NACOGDOCHES, Texas — Kasey Jobe will represent Stephen F. Austin State University at the 2021 Texas Undergraduate Research Day held virtually at the state Capitol Feb. 23 and 24.
Jobe, pursuing a Bachelor of Science in biology with a minor in forestry, worked with Dr. Christopher Schalk, assistant professor of forest wildlife management at SFA’s Arthur Temple College of Forestry and Agriculture, to investigate how installation methods affect snake entanglement in erosion control blankets.
His work is one of only 100 research projects from across the state selected to participate.
“Erosion control blankets are installed at construction sites to mitigate against soil loss and promote plant growth,” Jobe said.
Previous research conducted by Jobe found that particular types of erosion control blankets — small‐diameter polypropylene mesh with fixed intersections and multiple-layers — are more likely to cause wildlife entanglement, especially among snakes.
With this knowledge, Jobe and his collaborators moved forward to determine if the installation method of these blankets could reduce instances of entanglement and subsequent mortality.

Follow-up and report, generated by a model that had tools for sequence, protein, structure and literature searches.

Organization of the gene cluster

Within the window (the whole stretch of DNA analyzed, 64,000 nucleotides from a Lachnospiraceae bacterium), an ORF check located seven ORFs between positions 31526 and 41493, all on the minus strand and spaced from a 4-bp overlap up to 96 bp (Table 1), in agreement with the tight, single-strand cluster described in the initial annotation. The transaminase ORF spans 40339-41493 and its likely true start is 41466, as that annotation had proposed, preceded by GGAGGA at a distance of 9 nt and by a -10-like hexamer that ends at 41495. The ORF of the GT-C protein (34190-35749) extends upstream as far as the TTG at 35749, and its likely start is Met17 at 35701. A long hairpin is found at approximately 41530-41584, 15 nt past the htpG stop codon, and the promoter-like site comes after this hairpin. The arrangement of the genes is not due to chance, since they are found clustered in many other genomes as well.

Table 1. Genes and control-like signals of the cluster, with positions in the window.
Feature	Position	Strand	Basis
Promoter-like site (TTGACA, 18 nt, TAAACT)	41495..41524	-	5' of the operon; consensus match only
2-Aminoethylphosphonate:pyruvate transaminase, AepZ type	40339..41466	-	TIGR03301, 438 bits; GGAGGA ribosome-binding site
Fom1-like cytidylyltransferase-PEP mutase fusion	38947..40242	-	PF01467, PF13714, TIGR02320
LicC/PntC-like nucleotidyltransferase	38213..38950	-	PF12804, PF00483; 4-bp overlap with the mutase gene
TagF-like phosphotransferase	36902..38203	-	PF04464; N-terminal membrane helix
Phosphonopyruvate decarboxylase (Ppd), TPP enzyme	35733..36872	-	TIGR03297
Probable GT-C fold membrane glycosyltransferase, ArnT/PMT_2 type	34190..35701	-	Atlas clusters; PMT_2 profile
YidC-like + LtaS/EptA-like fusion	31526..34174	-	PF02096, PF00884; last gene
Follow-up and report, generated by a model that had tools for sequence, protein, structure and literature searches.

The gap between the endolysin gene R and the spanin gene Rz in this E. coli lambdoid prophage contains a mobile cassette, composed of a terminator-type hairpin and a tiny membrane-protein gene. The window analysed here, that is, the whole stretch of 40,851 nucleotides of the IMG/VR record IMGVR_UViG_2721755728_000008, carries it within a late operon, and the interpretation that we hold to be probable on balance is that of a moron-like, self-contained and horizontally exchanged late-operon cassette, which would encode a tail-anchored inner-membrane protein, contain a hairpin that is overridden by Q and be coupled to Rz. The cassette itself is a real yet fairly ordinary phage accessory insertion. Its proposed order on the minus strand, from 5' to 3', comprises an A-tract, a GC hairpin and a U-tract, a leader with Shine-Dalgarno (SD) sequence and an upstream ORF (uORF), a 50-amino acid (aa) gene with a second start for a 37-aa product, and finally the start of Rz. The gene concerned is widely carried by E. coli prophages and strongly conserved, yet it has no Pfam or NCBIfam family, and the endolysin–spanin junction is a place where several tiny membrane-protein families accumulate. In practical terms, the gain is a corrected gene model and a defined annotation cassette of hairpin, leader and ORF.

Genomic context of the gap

They found that burying the edges of the installed erosion control blankets led to a significant decline in snake entanglement.
“No snakes became entangled in the buried edge treatment, supporting our hypothesis that modifying the installation technique for erosion control blankets is effective at reducing behavior that leads to entanglement,” Jobe said. “An exposed edge increased the number of attempts, which is a precursor to entanglement.”
Jobe is a co-author on three peer-reviewed scientific papers focused on snake entanglement research conducted at SFA.
“Involving undergraduates in research is a rewarding process, as they are involved in every step in the scientific method and experience the challenges of designing and addressing questions in science,” Schalk said. “It also allows students to see that we as faculty members do not have the answers ahead of time, but we are interpreting these results together.”
Funding for this project was provided by the Texas Department of Transportation, the state agency responsible for numerous large and complex transportation projects that require the use of erosion control mats. The research findings were presented to the agency.
Texas Undergraduate Research Day, coordinated by the Council of Public University Presidents and Chancellors and the Independent Colleges and Universities of Texas, Inc., showcases the experiences of undergraduate students engaged in research that positively impacts Texas and Texans.
Jobe’s work will be showcased for Texas legislators and the public through high-quality virtual poster presentations available at cpupc.org/ugrd/.